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What Is Wild Swimming?

Last updated May 28, 2022

Swimming is fun. Now imagine swimming out in the wild.

A growing body of research reveals that nature heals and that being in an outdoor environment actually reduces stress. In turn, nature positively contributes to physical and mental well-being. The Japanese practice of Shinrin-yoku (forest bathing) has become increasingly popular as a way to improve feelings of happiness, lower blood pressure, boost the immune system and accelerate recovery from illness.

There’s a new kid in town and her name is Wild Swimming. So get ready because open-water enthusiasts from all over the world are taking the plunge. Calling all swimmers—come rain, shine and even snow!

Whether it’s a quick dip in a lake, venturing into a river or braving the cold of an ocean, immersing yourself in a natural body of water surrounded by nature is a truly uplifting experience.

The Benefits of Water

Marine biologist-turned-author Wallace J. Nichols wrote a bestselling book on the benefits of water. Titled Blue Mind: The Surprising Science That Shows How Being Near, In, On, Or Under Water Can Make You Happier, Healthier, More Connected, and Better At What You Do, this novel is full of scientific facts about water. Specifically, how natural bodies of water aid the average person.

Don’t judge the book by its cover! If you aren’t a fan of hard facts, statistics and abstracts, this book is still for you. Nichols shares personal experiences to back up his evidence. He also shares stories from a variety of people. All of whom experience the powerful healing that can only be in pools of blue.

What Is Wild Swimming?

When someone mentions wild swimming, you probably envision dozens of swimmers entering some icy lake in the midst of winter. Or perhaps you think of Karen Gaffney swimming 21 miles across the English Channel. Your immediate thoughts are spot-on. This is how it became so popular in recent years.

In actuality, the term “wild swimming” refers to any opportunity to swim in more obscure, outdoor, natural settings. An underwater cave in Mexico or the IRONMAN triathlon. Wherever and whatever you deem as an opportunity to swim in obscure, outdoor, natural settings qualifies as wild swimming. After all, the “wild” aspect is what is believed to be so invigorating. (Extreme temperatures and distances aside).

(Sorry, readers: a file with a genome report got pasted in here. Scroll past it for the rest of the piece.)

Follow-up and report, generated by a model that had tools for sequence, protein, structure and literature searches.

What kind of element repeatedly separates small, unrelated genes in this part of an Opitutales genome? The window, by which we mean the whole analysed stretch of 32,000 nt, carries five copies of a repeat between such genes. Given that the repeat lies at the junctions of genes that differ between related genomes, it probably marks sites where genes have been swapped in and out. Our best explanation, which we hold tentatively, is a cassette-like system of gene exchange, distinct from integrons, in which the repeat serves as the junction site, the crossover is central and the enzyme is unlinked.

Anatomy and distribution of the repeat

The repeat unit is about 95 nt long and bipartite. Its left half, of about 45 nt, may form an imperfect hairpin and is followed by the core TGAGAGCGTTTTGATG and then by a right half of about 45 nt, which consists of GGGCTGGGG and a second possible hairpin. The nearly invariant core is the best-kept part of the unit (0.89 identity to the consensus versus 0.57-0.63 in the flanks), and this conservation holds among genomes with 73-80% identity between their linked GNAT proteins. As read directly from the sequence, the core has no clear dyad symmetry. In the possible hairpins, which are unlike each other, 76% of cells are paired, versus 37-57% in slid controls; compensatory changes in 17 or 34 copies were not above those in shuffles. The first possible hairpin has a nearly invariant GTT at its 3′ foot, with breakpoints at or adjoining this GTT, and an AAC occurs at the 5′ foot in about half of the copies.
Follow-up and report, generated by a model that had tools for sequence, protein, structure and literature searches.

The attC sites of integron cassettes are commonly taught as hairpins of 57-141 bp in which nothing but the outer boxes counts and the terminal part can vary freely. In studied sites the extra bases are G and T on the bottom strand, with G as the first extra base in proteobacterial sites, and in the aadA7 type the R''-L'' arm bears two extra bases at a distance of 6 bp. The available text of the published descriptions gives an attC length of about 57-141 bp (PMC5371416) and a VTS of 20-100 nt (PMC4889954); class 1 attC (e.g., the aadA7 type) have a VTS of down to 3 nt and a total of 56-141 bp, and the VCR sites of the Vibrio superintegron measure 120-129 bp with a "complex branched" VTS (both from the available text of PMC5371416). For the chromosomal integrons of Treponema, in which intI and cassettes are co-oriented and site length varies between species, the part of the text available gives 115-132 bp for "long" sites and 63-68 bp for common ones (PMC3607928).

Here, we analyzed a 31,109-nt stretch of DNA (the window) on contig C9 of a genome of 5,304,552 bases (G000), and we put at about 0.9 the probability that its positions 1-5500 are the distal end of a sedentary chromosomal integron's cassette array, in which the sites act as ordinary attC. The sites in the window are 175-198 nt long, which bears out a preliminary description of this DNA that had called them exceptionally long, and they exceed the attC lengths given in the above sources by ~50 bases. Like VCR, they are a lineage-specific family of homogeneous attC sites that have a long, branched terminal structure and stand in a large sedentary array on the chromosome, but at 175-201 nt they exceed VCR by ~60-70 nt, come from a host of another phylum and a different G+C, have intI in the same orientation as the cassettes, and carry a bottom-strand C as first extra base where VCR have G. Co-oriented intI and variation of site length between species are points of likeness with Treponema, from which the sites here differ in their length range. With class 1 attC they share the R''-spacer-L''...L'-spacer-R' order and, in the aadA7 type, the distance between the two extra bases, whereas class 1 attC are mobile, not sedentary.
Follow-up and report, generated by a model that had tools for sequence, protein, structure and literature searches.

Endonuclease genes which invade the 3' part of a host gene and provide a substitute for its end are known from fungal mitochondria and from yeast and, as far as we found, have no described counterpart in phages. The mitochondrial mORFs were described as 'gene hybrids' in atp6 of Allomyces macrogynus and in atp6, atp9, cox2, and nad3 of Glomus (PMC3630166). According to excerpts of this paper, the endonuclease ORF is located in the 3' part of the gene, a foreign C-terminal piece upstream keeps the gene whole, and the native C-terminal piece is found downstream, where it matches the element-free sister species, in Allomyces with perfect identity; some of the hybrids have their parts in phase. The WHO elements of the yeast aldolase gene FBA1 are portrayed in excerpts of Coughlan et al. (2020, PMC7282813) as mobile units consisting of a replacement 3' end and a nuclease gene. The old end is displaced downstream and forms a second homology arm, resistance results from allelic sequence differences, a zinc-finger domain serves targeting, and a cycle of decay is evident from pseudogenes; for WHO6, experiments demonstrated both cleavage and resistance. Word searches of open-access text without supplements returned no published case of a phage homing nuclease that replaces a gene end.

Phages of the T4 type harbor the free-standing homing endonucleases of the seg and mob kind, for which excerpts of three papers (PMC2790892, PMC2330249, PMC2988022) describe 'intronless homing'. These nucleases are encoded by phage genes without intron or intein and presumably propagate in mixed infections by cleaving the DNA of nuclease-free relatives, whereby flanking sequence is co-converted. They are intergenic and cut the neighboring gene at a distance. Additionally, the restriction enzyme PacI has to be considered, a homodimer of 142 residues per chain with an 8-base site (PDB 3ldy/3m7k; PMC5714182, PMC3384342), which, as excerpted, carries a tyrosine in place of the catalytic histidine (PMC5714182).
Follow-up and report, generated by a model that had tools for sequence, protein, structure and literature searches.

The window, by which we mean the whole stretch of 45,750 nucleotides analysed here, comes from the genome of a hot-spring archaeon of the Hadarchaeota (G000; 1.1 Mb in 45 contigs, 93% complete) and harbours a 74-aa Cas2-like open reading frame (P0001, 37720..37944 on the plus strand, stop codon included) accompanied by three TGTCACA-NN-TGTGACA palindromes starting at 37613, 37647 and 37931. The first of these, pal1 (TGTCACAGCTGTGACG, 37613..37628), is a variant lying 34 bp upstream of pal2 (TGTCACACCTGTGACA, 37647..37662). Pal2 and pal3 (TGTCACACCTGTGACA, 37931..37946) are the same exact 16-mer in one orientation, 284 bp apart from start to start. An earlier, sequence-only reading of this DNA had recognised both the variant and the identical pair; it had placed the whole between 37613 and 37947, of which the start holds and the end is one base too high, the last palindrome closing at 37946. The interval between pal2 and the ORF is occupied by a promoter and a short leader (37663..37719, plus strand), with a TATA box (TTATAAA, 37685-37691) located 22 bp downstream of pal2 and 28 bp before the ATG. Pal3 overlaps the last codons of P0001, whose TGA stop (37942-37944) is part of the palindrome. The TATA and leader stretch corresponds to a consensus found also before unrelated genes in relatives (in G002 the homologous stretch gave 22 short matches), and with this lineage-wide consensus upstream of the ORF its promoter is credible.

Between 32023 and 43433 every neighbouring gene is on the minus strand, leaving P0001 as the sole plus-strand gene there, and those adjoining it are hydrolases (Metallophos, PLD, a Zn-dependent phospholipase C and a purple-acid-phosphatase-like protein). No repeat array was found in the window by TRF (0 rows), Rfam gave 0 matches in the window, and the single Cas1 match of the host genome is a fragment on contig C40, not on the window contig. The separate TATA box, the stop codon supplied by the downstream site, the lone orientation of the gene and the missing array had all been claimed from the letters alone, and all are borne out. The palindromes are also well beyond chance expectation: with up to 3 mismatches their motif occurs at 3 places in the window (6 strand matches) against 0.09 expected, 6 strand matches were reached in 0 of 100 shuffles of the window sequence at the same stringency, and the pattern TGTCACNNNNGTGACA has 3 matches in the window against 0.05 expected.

Don’t forget that it is also the component that is believed to offer the most health benefits. This element of nature has the power to heal, revive and rejuvenate. 

Man wild swimming in Lake Ratchaprapha, Khao Sok Nationalpark, Thailand.

What Are the Health Benefits?

Several health benefits have been documented when it comes to wild swimming. There are benefits for physical health, emotional health, spiritual health, social health and intellectual health. Whatever category you find that your health is declining, water and wild swimming can help.

There are numerous ways to conduct wild swimming. It can be done in an outdoor pool, lake, river, ocean, hot spring, or quarry. Notwithstanding, many of these health benefits relate to submersion in extremely cold waters.

Remember the ALS ice bucket challenge in 2014? It was designed to represent the difficulty of living with ALS. The frozen sensation gave a quick shock to the body. It puts your circulatory system into overdrive. The quickened blood flow warms your core so that it can protect vital organs.

Specific advantages in cold-water settings include an enhanced mood, reduced stress and an improved vascular circulation (which we just mentioned!). At the same time, this type of swimming also is known to reduce muscle and joint pains for extended periods of time. If you are feeling achy, perhaps today is the day to go for a wild cold water swim!